Former NFL punter Chris Kluwe published a scathing account on Deadspin on Thursday alleging homophobia within the Minnesota Vikings administration. Kluwe, who is heterosexual, claims that his outspoken advocacy for gay rights had more to do with his firing than his performance on the field—an allegation that the NFL should take very seriously, given its mediocre record on gay issues. Kluwe claims he experienced an increasingly hostile workplace environment after speaking out in favor of marriage equality in 2012, most of it coming from Vikings’ special teams coordinator Mike Priefer, but also enabled by bumbling head coach Leslie Frazier. (The bumbling apparently wasn’t limited to off-the-field matters—the Vikings went 5-10-1 last season, resulting in Frazier’s termination).
Sports pundits will undoubtedly argue whether Kluwe’s playing career had reached its peak (the average NFL career is much shorter than his eight years in the league). On that score, Kluwe presents compelling statistical evidence that he would have continued to perform in the top third of NFL punters had he stayed with the organization. Others will question whether his blunt tirades—he publicly assured one anti-gay Maryland politician that promoting gay rights would not “magically turn you into a lustful cockmonster”—made him a liability for the organization, thus justifying the Vikings’ decision to let him go. Perhaps the team should consult A&E for advice on that question. That said, neither Kluwe’s performance nor his advocacy should matter.
The fact that a successful professional athlete who is straight experienced a hostile, anti-gay work environment and suffered because of it underscores the battle that many LGBTQ Americans face every day. In 29 states, LGBTQ employees have no legal protections in the workplace (four additional states have no protections based on gender identity). The Employment Nondiscrimination Act (known as ENDA), which was designed to implement protections at the federal level, passed the Senate last year before House Republicans put a vote on the backburner. In November, House Speaker John Boehner called the legislation “unnecessary.”
Kluwe has celebrity, influence, and happens to be a very talented writer. He is able to choose when and where he wants to be an advocate, a luxury that is afforded to few others. Many LGBTQ employees have only one horrible choice: to remain closeted or potentially risk retributive action at the workplace. Much like sexual harassment, which can extend to third parties who are not directly involved in a conversation, this highlights the terrifying and toxic atmosphere that can develop for employees who have family members or close friends who are gay. Kluwe alleges that Preifer—who is said to be a candidate to replace Frazier as head coach of the Vikings—suggested “we should round up all the gays, send them to an island, and then nuke it until it glows.”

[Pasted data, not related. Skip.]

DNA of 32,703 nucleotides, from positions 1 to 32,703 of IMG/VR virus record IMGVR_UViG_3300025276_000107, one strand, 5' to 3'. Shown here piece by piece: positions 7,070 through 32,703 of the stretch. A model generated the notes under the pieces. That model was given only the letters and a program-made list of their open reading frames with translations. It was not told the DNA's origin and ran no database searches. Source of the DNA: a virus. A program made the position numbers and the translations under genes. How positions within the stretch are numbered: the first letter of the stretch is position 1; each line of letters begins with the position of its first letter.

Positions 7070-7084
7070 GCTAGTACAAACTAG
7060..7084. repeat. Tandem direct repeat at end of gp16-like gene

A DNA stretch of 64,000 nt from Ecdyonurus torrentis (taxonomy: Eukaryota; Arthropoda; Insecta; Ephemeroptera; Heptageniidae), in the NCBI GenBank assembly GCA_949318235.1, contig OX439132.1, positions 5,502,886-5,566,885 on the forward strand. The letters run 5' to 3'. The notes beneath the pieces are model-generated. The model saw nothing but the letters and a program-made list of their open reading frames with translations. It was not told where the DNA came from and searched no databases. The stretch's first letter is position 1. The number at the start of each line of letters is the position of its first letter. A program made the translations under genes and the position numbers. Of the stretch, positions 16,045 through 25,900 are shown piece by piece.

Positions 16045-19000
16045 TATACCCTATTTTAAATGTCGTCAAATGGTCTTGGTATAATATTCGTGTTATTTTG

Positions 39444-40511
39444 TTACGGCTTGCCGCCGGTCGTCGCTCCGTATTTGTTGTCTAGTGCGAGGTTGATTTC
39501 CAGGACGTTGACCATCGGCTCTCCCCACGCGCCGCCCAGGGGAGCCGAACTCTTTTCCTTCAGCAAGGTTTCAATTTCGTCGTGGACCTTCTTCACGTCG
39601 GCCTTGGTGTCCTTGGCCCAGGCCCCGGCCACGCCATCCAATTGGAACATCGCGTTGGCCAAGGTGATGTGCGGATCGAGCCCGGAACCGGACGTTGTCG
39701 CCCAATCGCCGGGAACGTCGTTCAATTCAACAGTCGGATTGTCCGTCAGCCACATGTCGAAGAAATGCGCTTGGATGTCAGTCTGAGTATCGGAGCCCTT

This type of nauseatingly violent statement would be disturbing to any employee who supports gay rights—but it would be absolutely heartbreaking for someone who is closeted, someone with a same-sex partner, or someone with a gay or lesbian child at home.
Until better protections are in place for all Americans, the NFL and other professional sports leagues should follow the lead set by the NHL when it comes to promoting tolerance and acceptance of LGBTQ athletes and fans. Beyond that, it wouldn’t hurt to see more visible game-day campaigns promoting a commitment to diversity and the LGBTQ community. Having one day each year where gay fans congregate at the ballpark isn’t enough (and even then, the always obnoxious kiss cam seems to overlook most gay couples). While the leagues may not be able to confront individual players, coaches, or fans regarding their personal opinions, they could certainly do a better job confronting such behavior before it happens. These actions may not change every heart and mind out there, but they can certainly broadcast a positive message to millions of fans across the world, and perhaps empower more gay athletes to be open on the field and off.
Tyler Lopez is a master’s candidate in the Communication, Culture and Technology program at Georgetown University.